McLellan photographed McCoy at LA's iconic Griffith Park Observatory, standing in front of a sculpture of what looks like a crucified corpse. The spectacle in the background is, in fact, an uncannily lifelike sculpture, made by McCoy, which made from silicon and real human hair. The crucified figure is John ‘Plato’ Crawford, who was shot in the 1955 film Rebel without a Cause.
"I find Los Angeles to be a fascinating place, McCoy tells us. "It feels to me like an environment with little social hierarchy, where the worlds of skateboarding and glitz and glamour and so on can collide and, almost without realizing it, become one and the same - weird and wonderful amalgams that couldn’t happen elsewhere. Given the inspiration behind it, it was always absolutely essential that the sculpture be photographed on Mount Hollywood and exhibited somewhere in Los Angeles."
Alongside the film, exhibition also takes the inspiration for it's title from from the Evelyn Waugh novel The Loved One. Blondey reveals, "The sculpture was actually already in motion by the time I got the book, and the inspiration behind it was more to do with fame than fortune as a means of cheating death, but there are infinite parallels to be drawn between the two approaches and the title was simply too perfect to pass up."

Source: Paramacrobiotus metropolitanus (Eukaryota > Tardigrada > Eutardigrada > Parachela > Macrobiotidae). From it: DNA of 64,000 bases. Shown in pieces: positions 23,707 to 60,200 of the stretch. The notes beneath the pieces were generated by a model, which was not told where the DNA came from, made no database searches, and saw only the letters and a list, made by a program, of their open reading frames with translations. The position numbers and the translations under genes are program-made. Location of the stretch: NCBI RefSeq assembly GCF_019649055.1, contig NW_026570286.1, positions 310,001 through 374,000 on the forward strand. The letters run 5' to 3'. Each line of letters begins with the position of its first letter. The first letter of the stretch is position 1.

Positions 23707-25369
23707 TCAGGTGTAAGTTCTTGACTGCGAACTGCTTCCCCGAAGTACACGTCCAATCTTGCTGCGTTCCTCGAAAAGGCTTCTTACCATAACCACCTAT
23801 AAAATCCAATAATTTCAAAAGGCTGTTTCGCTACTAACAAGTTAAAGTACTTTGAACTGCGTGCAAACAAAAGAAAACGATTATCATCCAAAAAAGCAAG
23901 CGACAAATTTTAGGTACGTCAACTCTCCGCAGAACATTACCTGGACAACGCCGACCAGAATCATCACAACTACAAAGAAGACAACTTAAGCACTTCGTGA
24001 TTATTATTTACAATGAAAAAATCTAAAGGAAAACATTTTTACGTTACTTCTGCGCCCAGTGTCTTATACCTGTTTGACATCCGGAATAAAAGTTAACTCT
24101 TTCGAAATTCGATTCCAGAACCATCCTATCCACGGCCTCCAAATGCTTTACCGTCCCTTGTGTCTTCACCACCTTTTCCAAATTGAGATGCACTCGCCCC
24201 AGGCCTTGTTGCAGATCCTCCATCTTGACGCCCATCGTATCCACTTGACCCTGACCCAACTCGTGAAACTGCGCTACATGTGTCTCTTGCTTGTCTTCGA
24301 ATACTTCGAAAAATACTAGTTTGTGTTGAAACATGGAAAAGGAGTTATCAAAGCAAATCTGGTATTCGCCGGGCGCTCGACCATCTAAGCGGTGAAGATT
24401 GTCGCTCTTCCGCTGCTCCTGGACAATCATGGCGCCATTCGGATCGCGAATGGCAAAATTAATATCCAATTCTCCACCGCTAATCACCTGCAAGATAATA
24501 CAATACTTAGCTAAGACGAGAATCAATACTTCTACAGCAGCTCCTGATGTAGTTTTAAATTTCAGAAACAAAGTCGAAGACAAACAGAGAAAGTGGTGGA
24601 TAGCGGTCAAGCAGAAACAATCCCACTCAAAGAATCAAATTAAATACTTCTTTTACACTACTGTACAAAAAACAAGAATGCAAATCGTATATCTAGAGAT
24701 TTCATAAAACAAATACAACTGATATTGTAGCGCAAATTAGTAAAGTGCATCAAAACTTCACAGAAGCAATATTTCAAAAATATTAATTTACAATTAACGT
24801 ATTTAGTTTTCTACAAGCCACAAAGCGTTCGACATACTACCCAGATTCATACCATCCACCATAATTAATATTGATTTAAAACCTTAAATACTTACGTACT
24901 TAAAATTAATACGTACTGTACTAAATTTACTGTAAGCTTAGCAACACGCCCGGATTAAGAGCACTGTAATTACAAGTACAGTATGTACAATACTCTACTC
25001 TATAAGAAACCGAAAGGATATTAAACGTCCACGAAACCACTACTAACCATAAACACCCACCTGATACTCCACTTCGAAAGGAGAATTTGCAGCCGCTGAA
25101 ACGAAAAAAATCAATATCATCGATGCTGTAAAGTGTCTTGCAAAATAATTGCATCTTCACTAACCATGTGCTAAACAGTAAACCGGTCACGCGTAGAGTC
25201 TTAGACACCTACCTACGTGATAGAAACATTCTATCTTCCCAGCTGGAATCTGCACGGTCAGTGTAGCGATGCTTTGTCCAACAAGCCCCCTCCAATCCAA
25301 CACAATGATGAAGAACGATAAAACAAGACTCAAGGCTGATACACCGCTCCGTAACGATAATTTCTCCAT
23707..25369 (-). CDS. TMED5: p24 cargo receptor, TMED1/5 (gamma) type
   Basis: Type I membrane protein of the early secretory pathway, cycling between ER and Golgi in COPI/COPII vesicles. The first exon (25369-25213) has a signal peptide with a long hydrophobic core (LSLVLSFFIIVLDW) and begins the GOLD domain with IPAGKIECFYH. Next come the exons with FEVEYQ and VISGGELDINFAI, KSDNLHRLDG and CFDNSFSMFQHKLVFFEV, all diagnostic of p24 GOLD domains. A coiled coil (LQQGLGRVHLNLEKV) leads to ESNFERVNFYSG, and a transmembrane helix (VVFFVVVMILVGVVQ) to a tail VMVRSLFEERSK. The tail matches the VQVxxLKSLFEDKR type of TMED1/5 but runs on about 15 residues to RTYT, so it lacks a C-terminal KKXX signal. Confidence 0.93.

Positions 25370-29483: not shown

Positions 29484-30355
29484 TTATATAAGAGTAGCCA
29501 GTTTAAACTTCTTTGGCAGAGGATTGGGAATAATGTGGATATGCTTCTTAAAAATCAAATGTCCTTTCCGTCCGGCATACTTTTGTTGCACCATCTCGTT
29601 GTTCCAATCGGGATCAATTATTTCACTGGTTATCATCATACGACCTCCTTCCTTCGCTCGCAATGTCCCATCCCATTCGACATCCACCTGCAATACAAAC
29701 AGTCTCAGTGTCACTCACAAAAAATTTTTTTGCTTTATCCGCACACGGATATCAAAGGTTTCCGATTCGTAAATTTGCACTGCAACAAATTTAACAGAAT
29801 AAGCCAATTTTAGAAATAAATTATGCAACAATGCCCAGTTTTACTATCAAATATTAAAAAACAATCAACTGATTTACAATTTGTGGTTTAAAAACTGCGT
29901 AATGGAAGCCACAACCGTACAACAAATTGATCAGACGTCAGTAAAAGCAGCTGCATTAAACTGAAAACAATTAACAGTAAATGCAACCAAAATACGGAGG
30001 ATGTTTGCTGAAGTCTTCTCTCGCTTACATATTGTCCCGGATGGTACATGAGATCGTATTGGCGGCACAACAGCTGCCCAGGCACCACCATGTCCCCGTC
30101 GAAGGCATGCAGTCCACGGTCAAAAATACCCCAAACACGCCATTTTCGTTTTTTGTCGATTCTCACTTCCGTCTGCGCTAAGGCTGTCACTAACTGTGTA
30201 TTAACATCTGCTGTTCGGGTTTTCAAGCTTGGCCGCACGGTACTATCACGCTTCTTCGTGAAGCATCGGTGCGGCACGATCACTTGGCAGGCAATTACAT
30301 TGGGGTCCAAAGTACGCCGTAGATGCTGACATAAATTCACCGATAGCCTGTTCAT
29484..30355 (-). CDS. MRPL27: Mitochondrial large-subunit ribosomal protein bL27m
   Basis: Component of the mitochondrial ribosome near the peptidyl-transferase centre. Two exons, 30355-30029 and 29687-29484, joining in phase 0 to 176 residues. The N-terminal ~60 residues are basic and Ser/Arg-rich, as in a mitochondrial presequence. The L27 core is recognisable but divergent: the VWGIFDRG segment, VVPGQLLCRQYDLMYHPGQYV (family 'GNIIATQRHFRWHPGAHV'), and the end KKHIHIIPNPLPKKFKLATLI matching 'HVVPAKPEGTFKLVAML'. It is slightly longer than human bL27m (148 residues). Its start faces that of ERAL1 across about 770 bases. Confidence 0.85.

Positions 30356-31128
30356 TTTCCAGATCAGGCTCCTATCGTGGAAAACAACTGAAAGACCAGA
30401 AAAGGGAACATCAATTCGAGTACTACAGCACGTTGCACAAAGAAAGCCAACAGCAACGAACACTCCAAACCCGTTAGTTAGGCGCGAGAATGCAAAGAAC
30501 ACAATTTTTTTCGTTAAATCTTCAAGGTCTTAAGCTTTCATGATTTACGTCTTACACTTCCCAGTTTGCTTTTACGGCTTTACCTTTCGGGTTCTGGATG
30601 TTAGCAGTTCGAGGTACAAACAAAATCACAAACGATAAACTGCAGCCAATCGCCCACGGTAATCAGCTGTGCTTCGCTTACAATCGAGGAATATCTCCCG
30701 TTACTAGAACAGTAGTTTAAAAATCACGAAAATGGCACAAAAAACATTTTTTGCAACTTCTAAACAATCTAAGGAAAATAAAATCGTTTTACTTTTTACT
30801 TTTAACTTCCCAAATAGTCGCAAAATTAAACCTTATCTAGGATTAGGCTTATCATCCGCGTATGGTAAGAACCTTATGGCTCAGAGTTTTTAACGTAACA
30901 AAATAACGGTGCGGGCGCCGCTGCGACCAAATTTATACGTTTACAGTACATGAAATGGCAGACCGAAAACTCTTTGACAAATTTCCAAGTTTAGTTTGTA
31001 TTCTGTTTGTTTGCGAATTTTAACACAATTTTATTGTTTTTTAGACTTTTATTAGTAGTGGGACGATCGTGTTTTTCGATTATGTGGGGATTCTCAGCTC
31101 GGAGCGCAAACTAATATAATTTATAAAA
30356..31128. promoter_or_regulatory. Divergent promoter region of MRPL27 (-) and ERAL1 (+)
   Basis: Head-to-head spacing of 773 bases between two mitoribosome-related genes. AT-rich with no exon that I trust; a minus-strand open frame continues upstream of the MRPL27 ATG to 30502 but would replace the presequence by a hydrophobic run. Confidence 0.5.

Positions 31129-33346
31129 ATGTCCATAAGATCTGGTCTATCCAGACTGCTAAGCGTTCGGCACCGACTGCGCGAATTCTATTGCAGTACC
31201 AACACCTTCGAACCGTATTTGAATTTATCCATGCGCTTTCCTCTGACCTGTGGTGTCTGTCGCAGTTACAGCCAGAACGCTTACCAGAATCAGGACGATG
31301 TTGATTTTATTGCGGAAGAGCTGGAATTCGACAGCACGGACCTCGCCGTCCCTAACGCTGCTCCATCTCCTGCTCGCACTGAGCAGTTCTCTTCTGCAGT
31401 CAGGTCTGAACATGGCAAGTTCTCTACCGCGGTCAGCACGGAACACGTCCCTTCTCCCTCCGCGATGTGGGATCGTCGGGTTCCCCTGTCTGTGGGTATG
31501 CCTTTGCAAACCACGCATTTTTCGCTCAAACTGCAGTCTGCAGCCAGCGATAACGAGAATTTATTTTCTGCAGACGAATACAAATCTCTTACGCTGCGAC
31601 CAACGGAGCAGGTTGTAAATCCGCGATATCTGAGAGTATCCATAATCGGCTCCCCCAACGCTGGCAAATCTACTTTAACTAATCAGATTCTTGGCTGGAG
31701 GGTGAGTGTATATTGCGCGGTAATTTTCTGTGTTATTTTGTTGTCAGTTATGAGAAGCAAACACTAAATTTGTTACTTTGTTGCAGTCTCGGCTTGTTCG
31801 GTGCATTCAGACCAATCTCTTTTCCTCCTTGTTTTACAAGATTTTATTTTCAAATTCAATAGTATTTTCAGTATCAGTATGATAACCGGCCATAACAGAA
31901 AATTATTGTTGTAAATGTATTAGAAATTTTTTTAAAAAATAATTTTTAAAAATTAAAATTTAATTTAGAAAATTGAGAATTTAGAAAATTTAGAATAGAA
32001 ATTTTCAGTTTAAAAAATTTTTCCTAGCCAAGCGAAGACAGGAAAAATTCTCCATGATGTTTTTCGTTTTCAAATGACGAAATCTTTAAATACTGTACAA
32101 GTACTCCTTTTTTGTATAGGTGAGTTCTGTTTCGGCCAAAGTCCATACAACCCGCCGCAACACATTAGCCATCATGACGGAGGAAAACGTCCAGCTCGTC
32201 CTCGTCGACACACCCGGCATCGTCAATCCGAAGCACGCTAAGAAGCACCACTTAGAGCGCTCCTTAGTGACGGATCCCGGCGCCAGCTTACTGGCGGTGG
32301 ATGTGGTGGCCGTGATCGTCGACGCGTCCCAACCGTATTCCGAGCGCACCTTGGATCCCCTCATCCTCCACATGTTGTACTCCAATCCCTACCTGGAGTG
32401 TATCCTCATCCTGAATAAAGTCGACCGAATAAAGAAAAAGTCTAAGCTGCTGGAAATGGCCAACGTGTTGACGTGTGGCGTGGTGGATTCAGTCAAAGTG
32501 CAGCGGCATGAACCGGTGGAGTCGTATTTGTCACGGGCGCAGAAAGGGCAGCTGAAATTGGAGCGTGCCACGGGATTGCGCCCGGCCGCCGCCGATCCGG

The crucifix was on full displayed at the 'The Loved One' exhibition but McLellan’s photographs will be on show alongside two of McCoy’s other works "Scandal" and "Face to Face". "Scandal" features Mandy Rice Davies and Christine Keeler leaving the Royal Courts of Justice after giving their testimonies regarding the Profumo affair. Lastly, "Face to Face" is a five bank pound note from 1961 featuring images of and a headline about Viv Nicholson.
The "Plato" capsule collection was also available for purchase at the pop-up.
The Loved One by Blondey McCoy is at 2270 Venice Boulevard, Los Angeles, from May 10 – 13, 2019.